Wojnarowicz became a protagonist of the local art scene in Manhattan’s East Village in 1978. Many of his works, both visual and literary, center on themes of ostracism and isolation drawn from his experience as a gay man. After being diagnosed with AIDS, Wojnarowicz’ art took on a vocal political stance and he produced some of the most important and challenging work around the AIDS crisis throughout the 1980s. His scathing honesty earned the ire of federal authorities, and his work continues to spark controversy and inspire in our own time of growing cultural divisions around critical social issues concerning freedom, justice and equality. In creating this series Jonathan Anderson seeks to honor Wojnarowicz’s legacy and, in keeping with the mission of Visual AIDS, maintain a dialogue about AIDS through art. The T-shirt project coincides with the Loewe Foundation’s exhibition of works by Wojnarowicz and Peter Hujar, on view at the label’s Gran Via store in Madrid from June through late August. …
The first in a series showcasing the artist's multifaceted practice.
Best known as the frontman of alt-rock band R.E.M., Michael Stipe is an artist in the most far-reaching sense of the word. His distinct vocals are hard not to recognize thanks to the popularity of tracks like “Losing My Religion” and “Shiny Happy People”. Stipe has also worked extensively in film, founding two production companies and acting as the executive producer behind well-known independent hits like like Being John Malkovich and Velvet Goldmine. His circle of friends — musicians Natalie Merchant, Tori Amos, Thom Yorke, Courtney Love, and the late Kurt Cobain, just to name a few — reads like a who’s who of the 90’s alternative rock scene. It should comes as no surprise that Stipe would extend his practice into the realm of the visual for his latest project — a photo book.
Volume I is the first in the series “presenting different aspects of Michael Stipe’s multifaceted artistic practice.” Here Stipe and co-collaborator Jonathan Berger work with photographs; there are thirty-five in total and through them Stipe plays an array of roles. He moves fluidly between subject, photographer, and curator, putting together his own photographs with found pieces from his collection. Present in condensed form are 37-years of Stipe’s artistic practice of creating and collecting materials, and he involves the two practices in Volume 1 as he conflates “figures in his own life with those in American history and popular culture,” focusing specifically within his experience as a queer man.
The book features many of his friends, lovers and fellow artists. …
Cell Count, is a new exhibition opening at La MaMa Galleria this Thursday, May 31st curated by Kyle Croft and Asher Mones. When I first heard about the name of the show I knew it was going to be HIV related, but wasn’t sure the potency of the content in this exhibition. “In the last ten years, HIV-specific criminal statutes have been used in over 300 prosecutions in the United States, resulting in prison sentences of up to thirty years. The nature of these laws varies across the thirty-four states where they are currently in effect, but the majority criminalize the act of HIV non-disclosure, placing people living with HIV at risk of prosecution and incarceration for consensual sexual activity if they do not notify their partner of their HIV status, regardless of condom use, viral load, or the actual risk of transmission.” The show brings together artists who unpack the metaphors and assumptions that enable the punishment and incarceration of people living with HIV. It’s multi-medium group of artists including Jordan Arseneault, Barton Lidicé Beneš (1942–2012), Brian Carmichael, Chad Clarke, Chloe Dzubilo (1960–2011), Doreen Garner, Camilo Godoy, Frank Green (1957–2013), Shan Kelley, M. Lamar, Charles Long with Christopher Paul Jordan, Alexander McClelland, Laurie Jo Reynolds, Muhjah Shakir and Chris E. Vargas. Performances by Jordan Arseneault with Mikiki and Timothy DuWhite. Can’t wait to experience this show and honor those who have been so unfortunate as to deal with HIV issues, yet still take a stand to fight for people’s rights.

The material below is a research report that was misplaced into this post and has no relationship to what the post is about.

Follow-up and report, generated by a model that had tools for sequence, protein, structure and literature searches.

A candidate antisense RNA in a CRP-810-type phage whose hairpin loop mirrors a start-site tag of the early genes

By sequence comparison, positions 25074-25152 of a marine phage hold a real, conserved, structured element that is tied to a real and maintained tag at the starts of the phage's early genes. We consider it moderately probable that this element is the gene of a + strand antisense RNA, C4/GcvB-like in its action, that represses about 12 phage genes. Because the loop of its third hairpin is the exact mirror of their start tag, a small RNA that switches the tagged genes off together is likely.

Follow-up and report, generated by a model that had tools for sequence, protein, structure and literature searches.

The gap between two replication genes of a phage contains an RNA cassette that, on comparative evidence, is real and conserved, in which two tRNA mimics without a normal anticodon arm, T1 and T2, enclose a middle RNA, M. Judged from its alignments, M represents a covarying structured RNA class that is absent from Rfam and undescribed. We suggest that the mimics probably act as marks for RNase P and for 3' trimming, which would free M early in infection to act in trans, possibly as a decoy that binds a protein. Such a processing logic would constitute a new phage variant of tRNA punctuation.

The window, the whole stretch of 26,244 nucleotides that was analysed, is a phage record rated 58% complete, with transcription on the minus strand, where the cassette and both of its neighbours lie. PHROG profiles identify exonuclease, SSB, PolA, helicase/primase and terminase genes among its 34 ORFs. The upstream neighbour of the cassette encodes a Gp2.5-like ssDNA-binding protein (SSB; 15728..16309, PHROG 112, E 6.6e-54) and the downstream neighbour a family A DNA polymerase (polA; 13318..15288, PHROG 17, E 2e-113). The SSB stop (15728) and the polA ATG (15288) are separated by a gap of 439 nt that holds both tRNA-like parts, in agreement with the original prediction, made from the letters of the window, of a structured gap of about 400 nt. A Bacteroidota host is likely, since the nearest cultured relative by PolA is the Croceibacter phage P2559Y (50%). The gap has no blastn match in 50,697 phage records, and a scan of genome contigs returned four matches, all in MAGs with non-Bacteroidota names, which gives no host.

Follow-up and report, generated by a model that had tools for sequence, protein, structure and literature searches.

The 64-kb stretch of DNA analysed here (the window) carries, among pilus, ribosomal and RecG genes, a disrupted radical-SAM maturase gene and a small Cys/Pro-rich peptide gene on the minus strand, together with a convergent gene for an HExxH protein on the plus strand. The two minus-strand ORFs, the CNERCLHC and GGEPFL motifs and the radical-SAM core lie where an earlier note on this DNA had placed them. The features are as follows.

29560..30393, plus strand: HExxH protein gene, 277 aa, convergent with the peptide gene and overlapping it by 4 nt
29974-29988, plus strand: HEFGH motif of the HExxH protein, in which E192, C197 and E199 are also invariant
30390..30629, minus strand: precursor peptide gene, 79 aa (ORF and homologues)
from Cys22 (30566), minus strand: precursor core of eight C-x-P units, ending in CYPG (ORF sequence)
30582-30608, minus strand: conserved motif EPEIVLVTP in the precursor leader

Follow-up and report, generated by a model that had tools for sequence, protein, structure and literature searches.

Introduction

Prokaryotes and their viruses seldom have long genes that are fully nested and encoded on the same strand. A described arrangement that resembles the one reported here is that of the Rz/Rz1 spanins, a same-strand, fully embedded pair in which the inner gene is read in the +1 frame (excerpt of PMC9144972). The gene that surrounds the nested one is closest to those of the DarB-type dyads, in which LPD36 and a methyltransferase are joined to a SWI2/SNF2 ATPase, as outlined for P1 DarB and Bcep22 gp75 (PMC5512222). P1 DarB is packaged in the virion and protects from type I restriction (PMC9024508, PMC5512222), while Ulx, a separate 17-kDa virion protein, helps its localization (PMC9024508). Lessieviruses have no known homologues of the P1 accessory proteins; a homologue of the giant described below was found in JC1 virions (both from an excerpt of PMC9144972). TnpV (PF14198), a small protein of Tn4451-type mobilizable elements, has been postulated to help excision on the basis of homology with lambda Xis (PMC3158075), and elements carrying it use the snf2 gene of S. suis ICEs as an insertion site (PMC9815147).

By 5:00AM on Saturday, May 26 the cruise ship I’d been aboard for the past week had neared itself close enough to shore, so I had cell service. I practically leaped out of my twin bed as my younger brother snored next to me and got to scrolling on Insta. By 6:00PM that very same day I was at the opening reception for This Is Not Here: RE 21. I saw the flyer on my feed, got my roommates together and said “Girls, I need culture!” and luckily they happily agreed to walk over to the Pfizer Building for the monthly show. Re: Art Show is an ever-evolving, recurrent curatorial project spearheaded by Erin Davis and Max C. Lee. For the show’s 21st installment multi-medium artist and curator Efrem Zelony-Mindell collected a huge group of artists exercising in every medium, though there seemed to be a focus on interactive installation/sculpture, especially those of the larger scale, and a performance went on as well. Among the favorites from my friends and myself were the motorized styrofoam and rock sculptures that hump, accelerate, wedge and die inside a metal ring shape, maybe picked from an old bumper-car (by Leander Knust), a curious albeit simple perception room (by Adam Liam Rose) new work from photographer (and GAYLETTER Issue 4 contributor) Daniel Rampulla and a chair held up by a very brave leaf (by Raul De Lara). I couldn’t have asked for a better evening back in New York. I was pleasantly surprised, had Pabst for old times sake and proceeded to get drunk at a local bar. Pop your head into this one, it’s got over 20 artists, so there’s something for everyone. The exhibition is up until June 17, 2018.